But Standard Chartered’s deep global footprint, including clients and economies disproportionally affected by continued nature loss and climate change, gave Drew the ammunition she needed. “The GDP (gross domestic product) of many of our footprint markets are 100% reliant on nature, be it agriculture as a primary source of GDP or fishing for example,” she said. “If we don’t address the nature equation while we’re grappling with carbon emission reductions, it’s ‘game over’ for these countries.” 

There has been steadily growing conversation on the link between climate change and nature loss, in light of mitigation expected to come from nature-based solutions, especially in the Global South.  

Australia-based IFM Investor’s Global Head of Sustainable Investment Maria Nazarova-Doyle, a long-time vocal advocate for the financial sector and others acting on both issues in tandem, tells ESG Investor that: “The interconnectedness between climate change and nature degradation is not really up for debate, but it’s paramount that we target these issues as part of a holistic approach to sustainability. As we’ve learned from ESG, we always need to be careful about silos.”  

Gross Ecosystem Product 

The danger of silos was the topic of a Davos session focused on putting a price on nature, where the “disconnection” between ecology and economics was debated. Panel chair Nick Studer, President and Chief Executive Officer at Oliver Wyman, noted that GDP had more than doubled in the last few decades, but natural capital had declined nearly 40% over the same timeframe, with half of the world’s economy and population dependent on nature and its services.  

Underscoring this point, Gretchen Daily, Bing Professor in Environmental Science at Stanford University, said in order to address the crisis as quickly as possible, it was necessary to “correct a fatal flaw with capitalism that we don’t account for the immense and essentially infinite values of nature”. She added that nature was “invisible in most decision-making at a perilous price”.  

Daily mooted that emerging metrics incorporating nature, as a parallel to GDP, could be the way forward. She talked of ‘Gross Ecosystem Product’ (GEP), approved by the UN Statistical Commission in 2021, which looks at all the goods and services sourced from nature for use by people. China, she said, started adoption in 2023, and 15 other countries were in an experimental phase with the metrics.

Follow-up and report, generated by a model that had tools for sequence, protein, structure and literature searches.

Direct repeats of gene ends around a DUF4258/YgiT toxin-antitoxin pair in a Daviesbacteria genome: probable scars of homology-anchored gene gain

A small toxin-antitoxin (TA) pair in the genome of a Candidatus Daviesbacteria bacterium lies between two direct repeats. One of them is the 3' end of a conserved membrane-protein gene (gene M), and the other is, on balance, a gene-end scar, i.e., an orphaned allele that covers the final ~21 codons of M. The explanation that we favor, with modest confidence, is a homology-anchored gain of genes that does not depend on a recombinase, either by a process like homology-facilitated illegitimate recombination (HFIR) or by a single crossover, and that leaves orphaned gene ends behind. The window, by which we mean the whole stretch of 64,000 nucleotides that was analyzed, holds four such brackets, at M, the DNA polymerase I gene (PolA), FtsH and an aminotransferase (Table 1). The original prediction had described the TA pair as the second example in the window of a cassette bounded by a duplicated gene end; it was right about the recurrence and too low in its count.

Dr Guo Peiyuan, Chairman of China’s SynTao Green Finance, the founding organisation of China Sustainable Investment Forum (ChinaSIF), tells ESG Investor that GEP has been a concept in the country for a few years, with pilot projects in regions including Zhejiang Province. “China has made some progress on exploring methodology and application of GEP,” he says. “But it still needs more years before China adopts GEP as a parallel metric to GDP throughout the whole country,” he adds.  

Nazarova-Doyla expresses caution however, on the value of creating of GDP-alternatives to try and protect nature. “While it raises the profile of the issue, which is a positive,” she says. “We should be striving to incorporate these costs into existing accounting systems rather than running parallel ‘books’”.   

The EU is debating whether and how to put a monetary value on its natural ecosystems as the bloc updates existing regulation on environmental economic accounting. This could provide country-by-country ecosystems data on biodiversity protection and climate mitigation and adaptation. The UK and US are also working on national natural capital accounting.  

Nature asset class  

Panellists also predicted nature would become a major asset class for investors in the coming years. Hubert Keller, Senior Managing Partner at Bank Lombard Odier, that appointed its first Chief Nature Officer, last June, said: “We’ve taken the view that nature is probably going to become a very significant asset class and an asset in which financial investors are going to want to invest, because it’s going to evolve positively over time.”